Gut bacteria and insulin resistance affect our digestion, and according to a new study by John Hopkins researchers, they are also linked to obesity.
It is a well-known fact that our intestines have bacteria also known as gut flora. Scientists estimate that we have 200 to 500 gut flora species lining our intestines. These bacteria form a part of the intestinal microbiome along with some viral and fungal elements.
Gut bacteria help our digestion and play an important role in obtaining energy from the food we consume. They strengthen our immune system and protect us against infection-causing harmful bacteria. Several studies have also suggested that gut bacteria affect our weight.
Insulin resistance, often associated with type 2 diabetes, refers to a condition where the cells of the body stop responding properly to a hormone called insulin. Insulin helps our body convert the glucose metabolized from our food into energy. As a result, people with insulin resistance cannot metabolize glucose.
Scientists have observed insulin resistance developing in people who have a slow metabolism as a result of a sedentary lifestyle. In addition, incidences of insulin resistance have also been observed in overweight people and those consuming a high calorie diet with more carbohydrates and sugars.
From existing knowledge, it has been established that both gut bacteria and insulin resistance affect our ability to obtain energy from the food we consume. However, gut bacteria play a positive role in metabolism, whereas insulin resistance has a negative impact on it. In addition, both are associated with bodyweight. Researchers at Johns Hopkins Children’s Center studied this relationship in order to understand obesity better, with the hope of finding a way to prevent metabolic syndrome.
Metabolic syndrome refers to an ensemble of conditions commonly associated with risk of diabetes, stroke, and heart disease. Physical symptoms of this condition include obesity, high blood pressure, and high blood sugar.
There is no known reason for the development of the syndrome. However, earlier studies suggested that a certain protein performs the function of toll-like receptor 4 (TLR4) by receiving chemical signals and creating inflammation.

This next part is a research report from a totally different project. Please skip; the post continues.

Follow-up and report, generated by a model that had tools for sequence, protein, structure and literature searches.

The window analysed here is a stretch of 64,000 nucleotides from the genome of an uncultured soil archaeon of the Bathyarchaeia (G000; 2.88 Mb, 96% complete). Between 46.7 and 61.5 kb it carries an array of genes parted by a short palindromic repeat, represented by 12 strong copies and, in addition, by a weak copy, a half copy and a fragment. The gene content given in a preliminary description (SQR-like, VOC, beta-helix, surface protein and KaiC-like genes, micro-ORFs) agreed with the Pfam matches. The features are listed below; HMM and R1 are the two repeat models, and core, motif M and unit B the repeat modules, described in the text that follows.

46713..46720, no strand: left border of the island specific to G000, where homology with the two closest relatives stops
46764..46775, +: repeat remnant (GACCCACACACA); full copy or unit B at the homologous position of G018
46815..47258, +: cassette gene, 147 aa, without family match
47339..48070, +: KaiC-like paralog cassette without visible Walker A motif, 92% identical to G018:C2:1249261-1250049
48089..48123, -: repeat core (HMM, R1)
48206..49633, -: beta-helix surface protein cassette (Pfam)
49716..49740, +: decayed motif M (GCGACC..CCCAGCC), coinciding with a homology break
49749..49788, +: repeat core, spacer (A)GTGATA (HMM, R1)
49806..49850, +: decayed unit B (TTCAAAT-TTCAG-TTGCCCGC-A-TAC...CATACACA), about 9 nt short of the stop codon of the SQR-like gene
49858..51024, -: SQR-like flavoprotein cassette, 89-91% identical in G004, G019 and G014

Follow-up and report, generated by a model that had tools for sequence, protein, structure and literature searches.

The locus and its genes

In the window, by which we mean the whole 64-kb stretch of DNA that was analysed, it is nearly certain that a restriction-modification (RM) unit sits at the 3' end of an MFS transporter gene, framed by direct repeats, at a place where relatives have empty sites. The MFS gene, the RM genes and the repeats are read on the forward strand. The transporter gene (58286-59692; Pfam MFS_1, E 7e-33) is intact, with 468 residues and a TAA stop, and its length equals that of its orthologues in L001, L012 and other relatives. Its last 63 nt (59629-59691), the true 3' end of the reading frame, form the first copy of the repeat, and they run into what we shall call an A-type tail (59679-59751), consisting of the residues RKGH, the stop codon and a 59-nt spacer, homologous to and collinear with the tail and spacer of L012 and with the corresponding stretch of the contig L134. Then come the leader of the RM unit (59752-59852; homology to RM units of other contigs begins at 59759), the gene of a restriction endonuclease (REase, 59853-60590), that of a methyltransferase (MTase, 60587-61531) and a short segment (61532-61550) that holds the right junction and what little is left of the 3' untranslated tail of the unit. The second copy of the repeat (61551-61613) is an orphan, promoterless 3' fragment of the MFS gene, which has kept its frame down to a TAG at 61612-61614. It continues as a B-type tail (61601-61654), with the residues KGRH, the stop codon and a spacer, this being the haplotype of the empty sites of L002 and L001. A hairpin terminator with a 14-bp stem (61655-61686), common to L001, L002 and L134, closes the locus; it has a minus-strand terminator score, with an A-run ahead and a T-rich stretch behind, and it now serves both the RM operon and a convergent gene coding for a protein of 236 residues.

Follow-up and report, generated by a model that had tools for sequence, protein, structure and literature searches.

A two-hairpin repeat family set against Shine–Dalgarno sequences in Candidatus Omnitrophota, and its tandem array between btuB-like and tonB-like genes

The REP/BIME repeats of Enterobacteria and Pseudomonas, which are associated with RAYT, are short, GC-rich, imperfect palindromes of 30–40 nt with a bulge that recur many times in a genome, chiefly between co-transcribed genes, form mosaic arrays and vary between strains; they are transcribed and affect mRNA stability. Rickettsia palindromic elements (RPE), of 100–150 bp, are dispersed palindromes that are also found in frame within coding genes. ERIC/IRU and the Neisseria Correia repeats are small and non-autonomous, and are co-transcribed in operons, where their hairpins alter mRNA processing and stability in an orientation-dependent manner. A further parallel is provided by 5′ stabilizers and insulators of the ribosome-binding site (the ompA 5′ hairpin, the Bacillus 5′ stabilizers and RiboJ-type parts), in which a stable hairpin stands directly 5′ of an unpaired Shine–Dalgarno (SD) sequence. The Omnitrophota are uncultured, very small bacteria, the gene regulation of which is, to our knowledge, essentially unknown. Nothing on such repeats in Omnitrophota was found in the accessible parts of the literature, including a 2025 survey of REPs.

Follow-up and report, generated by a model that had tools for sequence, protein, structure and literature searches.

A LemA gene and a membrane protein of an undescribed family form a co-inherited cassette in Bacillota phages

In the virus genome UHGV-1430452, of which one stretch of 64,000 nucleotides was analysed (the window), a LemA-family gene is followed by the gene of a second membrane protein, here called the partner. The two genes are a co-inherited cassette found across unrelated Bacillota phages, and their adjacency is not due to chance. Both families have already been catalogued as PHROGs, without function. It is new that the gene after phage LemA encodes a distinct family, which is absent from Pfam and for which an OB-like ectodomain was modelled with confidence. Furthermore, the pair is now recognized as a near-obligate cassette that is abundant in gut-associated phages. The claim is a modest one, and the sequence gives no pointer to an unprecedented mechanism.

The Johns Hopkins study was designed to verify whether there was a link between TLR4, metabolic syndrome, and obesity. The aim was to determine whether TLR4 present in the epithelial cells of the intestine could lead to metabolic syndrome.
A number of experiments were conducted on mice to understand the TLR4 connection. The mice used in the experiment were of two types—normal mice and mice that were genetically modified to lack TLR4.
The experimented lasted 42 weeks. In the first 21 weeks, the mice were fed with standard chow, which was made up of 22 percent fat-containing calories. In the next 21 weeks, the fat percentage was increased to 60 percent. This was done to determine whether higher fat in diets affected the development of metabolic syndrome.
After the first 21 weeks, researchers found that mice that did not have TLR4 gained weight and increased their body and liver fat. They also developed insulin resistance. These developments are symptomatic of metabolic syndrome.
After increasing the fat intake for another 21 weeks, scientists observed that the genetically modified mice gained significantly more weight and had much more body and liver fat compared to normal mice.
The findings show that lack of TLR4 can result in metabolic syndrome. Since TLD4 interacts with gut bacteria, the study demonstrates that it is possible to prevent metabolic syndrome if intestinal bacteria are manipulated.
Researchers went a step further and analyzed the genes of the intestinal mucosa in both types of mice. The intestinal mucosa is the region of the intestine that absorbs nutrients from food. In the process, they identified genes that play a role in metabolism, as these were suppressed in mice deficient in TLR4.
According to David Hackam, co-director of Johns Hopkins Children’s Center, this new knowledge can help scientists find ways to regulate the bacteria and genes connected with metabolic syndrome. This would be useful in preventing obesity in both children and adults.
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